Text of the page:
After years in roles such as ‘Wife of Crazy Man’, ‘Spinster #2’, ‘Telephone Lady’ and ‘Massive Woman’, Anne Ramsey muscled her way into the big time as the evil Mama Fratelli in The Goonies. She will, however, also be remembered as Danny DeVito’s volcanically dyspeptic mother in this canny and sweetly lunatic update of Hitchcock’s Strangers on a Train. Like spending 90 minutes inside a threshing machine full of spittle and bile, Ramsey’s performance rips and shreds with such sustained and unrepentant fury that you can’t wait for DeVito to finally make good on the film’s title. ALD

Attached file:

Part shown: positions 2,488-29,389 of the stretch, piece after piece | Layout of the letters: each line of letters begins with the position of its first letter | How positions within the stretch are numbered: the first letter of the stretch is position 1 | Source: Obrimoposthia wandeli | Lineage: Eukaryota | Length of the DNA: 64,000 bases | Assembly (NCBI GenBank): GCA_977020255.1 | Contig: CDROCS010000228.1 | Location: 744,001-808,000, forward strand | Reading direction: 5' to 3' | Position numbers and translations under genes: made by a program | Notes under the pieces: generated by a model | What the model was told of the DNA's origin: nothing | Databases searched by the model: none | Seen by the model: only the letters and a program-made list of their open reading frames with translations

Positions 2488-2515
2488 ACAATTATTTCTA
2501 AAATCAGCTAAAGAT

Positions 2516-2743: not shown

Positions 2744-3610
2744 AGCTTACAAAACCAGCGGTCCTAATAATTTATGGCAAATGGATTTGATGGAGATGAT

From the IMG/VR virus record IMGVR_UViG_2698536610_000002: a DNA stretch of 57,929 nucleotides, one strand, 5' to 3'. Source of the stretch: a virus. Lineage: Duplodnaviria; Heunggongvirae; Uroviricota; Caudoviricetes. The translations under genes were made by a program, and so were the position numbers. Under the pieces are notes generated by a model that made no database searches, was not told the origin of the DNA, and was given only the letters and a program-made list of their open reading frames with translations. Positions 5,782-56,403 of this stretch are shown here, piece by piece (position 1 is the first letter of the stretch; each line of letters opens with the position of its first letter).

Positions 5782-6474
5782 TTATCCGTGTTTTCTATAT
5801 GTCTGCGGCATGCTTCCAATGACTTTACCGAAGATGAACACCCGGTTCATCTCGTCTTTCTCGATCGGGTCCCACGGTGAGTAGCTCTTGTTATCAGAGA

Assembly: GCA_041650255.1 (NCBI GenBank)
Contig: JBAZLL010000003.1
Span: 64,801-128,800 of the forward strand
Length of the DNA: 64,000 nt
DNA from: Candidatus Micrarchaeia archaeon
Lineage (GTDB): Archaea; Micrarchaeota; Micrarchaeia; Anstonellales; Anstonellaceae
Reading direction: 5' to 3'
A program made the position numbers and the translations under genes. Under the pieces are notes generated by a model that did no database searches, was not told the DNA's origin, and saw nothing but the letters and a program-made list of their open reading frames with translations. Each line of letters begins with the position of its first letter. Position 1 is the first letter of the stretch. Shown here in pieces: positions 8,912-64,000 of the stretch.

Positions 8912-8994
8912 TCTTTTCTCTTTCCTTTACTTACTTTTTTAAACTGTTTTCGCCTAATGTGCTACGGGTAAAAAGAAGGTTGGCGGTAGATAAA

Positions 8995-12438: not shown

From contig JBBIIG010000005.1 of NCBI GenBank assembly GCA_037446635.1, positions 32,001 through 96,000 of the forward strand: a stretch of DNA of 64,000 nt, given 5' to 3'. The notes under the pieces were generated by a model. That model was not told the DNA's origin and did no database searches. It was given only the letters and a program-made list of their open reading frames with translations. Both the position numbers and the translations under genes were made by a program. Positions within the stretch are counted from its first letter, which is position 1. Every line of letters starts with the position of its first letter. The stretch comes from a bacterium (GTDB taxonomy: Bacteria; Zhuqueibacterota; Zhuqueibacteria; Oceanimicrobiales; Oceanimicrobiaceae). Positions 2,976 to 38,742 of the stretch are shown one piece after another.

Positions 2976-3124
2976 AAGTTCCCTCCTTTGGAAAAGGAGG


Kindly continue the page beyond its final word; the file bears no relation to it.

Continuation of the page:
Emma Stone in Easy A (2010)

Emma Stone is ace as Olive Penderghast, the sharp-witted, sassy and grounded teenager who is as mocking of herself as she is of her credulous peers. When rumours about her sex life spread like wildfire around college, she agrees to lie about sleeping with people in order to increase their social standing. Harlot, tramp, temptress, tart, floozy, trollop… Olive ticks every box. Stone plays a relatable protagonist who, unlike many coming-of-age films, does not conform to a specific stereotypic high school role. Instead, she finds a balance between confidence and self-deprecation, always unable to prevent herself from verbally declaring her after-thoughts. SY

Sandra Bernhard in The King of Comedy (1982)